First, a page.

- to declare (something) to be bad, unfit, invalid, or illegal.
- to condemn as a failure: to damn a play.
- to bring condemnation upon; ruin.
- to doom to eternal punishment or condemn to hell.
- to swear at or curse, using the word “damn”: Damn the torpedoes! Full speed ahead!
- to use the word “damn”; swear.
- (used as an expletive to express anger, annoyance, disgust, etc.)
- the utterance of “damn” in swearing or for emphasis.
- something of negligible value: not worth a damn.
- damn well, Informal. damned(def 7).
- damn with faint praise, to praise so moderately as, in effect, to condemn: The critic damned the opera with faint praise when he termed the production adequate.
- give a damn, Informal. to care; be concerned; consider as important: You shouldn't give a damn about their opinions.Also give a darn.
Origin of damn
Synonyms for damn
- slang an exclamation of annoyance (often in exclamatory phrases such as damn it! damn you! etc)
- informal an exclamation of surprise or pleasure (esp in the exclamatory phrase damn me!)
- (prenominal) slang deserving damnation; detestable
- slang (intensifier)damn fool; a damn good pianist
- damn all slang absolutely nothing
- to condemn as bad, worthless, etc
- to curse
- to condemn to eternal damnation
- (often passive) to doom to ruin; cause to failthe venture was damned from the start
- (also intr) to prove (someone) guiltydamning evidence
- to swear (at) using the word damn
- as near as damn it British informal as near as possible; very near
- damn with faint praise to praise so unenthusiastically that the effect is condemnation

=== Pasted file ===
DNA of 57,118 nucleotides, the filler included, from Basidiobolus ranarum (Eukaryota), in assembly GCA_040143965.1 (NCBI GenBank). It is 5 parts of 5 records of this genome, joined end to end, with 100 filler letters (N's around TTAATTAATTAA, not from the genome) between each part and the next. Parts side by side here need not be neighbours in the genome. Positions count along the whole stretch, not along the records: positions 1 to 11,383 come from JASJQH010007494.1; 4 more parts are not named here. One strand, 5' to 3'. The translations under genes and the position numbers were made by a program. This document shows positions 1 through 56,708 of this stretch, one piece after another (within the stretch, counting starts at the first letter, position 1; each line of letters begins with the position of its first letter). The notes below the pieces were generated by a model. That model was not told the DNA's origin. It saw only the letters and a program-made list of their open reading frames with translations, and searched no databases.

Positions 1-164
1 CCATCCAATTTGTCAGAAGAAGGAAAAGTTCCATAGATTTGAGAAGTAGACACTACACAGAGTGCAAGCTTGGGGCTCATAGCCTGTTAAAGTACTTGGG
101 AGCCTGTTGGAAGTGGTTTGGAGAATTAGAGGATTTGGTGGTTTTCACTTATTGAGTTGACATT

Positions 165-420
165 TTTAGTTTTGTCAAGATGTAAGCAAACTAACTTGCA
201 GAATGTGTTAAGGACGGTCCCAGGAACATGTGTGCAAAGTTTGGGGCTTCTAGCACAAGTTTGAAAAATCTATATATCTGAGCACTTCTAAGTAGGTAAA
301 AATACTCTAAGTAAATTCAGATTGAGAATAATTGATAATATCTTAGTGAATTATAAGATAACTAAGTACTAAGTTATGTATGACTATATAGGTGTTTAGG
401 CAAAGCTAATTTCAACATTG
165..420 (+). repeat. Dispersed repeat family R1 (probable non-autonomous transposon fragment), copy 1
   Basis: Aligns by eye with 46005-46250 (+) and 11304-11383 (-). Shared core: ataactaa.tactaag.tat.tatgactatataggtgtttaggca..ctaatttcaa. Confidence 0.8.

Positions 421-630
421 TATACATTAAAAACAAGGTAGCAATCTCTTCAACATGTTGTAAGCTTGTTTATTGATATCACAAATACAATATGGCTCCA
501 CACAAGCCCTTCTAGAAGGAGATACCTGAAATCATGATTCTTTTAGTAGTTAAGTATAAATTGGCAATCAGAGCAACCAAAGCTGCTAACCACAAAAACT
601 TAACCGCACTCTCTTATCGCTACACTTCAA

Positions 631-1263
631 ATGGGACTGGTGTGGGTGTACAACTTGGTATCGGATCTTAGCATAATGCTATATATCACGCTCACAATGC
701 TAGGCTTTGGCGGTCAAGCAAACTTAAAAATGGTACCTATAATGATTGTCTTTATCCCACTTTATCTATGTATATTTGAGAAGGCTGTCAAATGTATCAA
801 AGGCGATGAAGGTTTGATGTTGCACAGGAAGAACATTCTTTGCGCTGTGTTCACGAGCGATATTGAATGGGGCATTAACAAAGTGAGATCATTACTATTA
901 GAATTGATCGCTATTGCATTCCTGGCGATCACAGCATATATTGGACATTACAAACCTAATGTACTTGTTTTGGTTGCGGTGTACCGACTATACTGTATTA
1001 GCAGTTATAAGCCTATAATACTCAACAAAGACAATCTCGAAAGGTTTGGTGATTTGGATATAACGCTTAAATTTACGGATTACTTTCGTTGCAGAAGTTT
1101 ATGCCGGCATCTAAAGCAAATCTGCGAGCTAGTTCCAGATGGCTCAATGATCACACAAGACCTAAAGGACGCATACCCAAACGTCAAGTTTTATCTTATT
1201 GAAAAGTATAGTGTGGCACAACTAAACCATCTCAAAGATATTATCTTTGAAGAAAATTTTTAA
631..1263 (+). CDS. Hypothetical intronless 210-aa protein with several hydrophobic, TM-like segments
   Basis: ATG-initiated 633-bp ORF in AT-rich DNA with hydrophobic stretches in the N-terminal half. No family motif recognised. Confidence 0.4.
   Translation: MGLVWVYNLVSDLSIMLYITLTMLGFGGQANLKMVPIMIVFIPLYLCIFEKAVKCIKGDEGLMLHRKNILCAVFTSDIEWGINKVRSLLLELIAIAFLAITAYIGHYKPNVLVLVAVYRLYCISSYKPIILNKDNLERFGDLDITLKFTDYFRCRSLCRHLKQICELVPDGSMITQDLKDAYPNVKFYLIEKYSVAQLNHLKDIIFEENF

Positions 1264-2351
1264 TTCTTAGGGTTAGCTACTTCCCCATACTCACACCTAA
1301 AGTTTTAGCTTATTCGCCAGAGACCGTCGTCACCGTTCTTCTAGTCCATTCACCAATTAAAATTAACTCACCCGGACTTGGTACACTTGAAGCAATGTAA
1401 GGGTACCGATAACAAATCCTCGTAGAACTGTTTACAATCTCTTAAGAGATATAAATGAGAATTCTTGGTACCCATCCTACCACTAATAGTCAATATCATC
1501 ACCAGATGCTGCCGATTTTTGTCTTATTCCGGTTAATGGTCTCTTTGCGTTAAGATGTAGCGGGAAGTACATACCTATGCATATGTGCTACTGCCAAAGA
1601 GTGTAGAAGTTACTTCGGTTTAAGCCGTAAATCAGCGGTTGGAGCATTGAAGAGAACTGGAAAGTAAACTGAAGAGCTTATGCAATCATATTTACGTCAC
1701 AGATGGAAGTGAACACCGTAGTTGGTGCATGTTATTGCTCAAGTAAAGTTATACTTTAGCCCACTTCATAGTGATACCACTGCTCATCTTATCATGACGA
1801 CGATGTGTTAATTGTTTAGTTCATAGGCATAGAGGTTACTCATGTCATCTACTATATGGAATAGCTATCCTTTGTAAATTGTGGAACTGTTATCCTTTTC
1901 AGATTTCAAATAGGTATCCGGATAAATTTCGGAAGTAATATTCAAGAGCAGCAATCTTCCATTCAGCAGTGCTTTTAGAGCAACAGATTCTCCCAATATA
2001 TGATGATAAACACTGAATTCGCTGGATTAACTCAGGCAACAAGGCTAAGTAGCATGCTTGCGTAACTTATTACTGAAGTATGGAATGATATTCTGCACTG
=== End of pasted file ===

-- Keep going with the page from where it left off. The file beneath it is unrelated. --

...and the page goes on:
- slang something of negligible value; jot (esp in the phrase not worth a damn)
- not give a damn informal to be unconcerned; not care
Word Origin for damn
late 13c., "to condemn," from Old French damner "damn, condemn; convict, blame; injure," derivative of Latin damnare "to adjudge guilty; to doom; to condemn, blame, reject," from noun damnum "damage, hurt, harm; loss, injury; a fine, penalty," possibly from an ancient religious term from PIE *dap- "to apportion in exchange" [see Watkins]. The Latin word evolved a legal meaning of "pronounce judgment upon." Theological sense is first recorded early 14c.; the optative expletive use likely is as old.
Damn and its derivatives generally were avoided in print from 18c. to c.1930s (the famous line in the film version of "Gone with the Wind" was a breakthrough and required much effort by the studio). The noun is recorded from 1610s; to be not worth a damn is from 1817. The adjective is 1775, short for damned; Damn Yankee, characteristic Southern U.S. term for "Northerner," is attested from 1812. Related: Damning.
damn with faint praise
To criticize someone or something indirectly by giving a slight compliment: “When the critic remarked that Miller's book was ‘not as bad as some I've read,’ she was obviously damning it with faint praise.”
damn with faint praise
Compliment so feebly that it amounts to no compliment at all, or even implies condemnation. For example, The reviewer damned the singer with faint praise, admiring her dress but not mentioning her voice. This idea was already expressed in Roman times by Favorinus (c. a.d. 110) but the actual expression comes from Alexander Pope's Epistle to Doctor Arbuthnot (1733): “Damn with faint praise, assent with civil leer, and, without sneering, teach the rest to sneer.”
In addition to the idioms beginning with damn
- damned if I do, damned if I don't
- damn well
- damn with faint praise
- do one's damnedest
- give a damn
- not worth a dime (tinker's damn)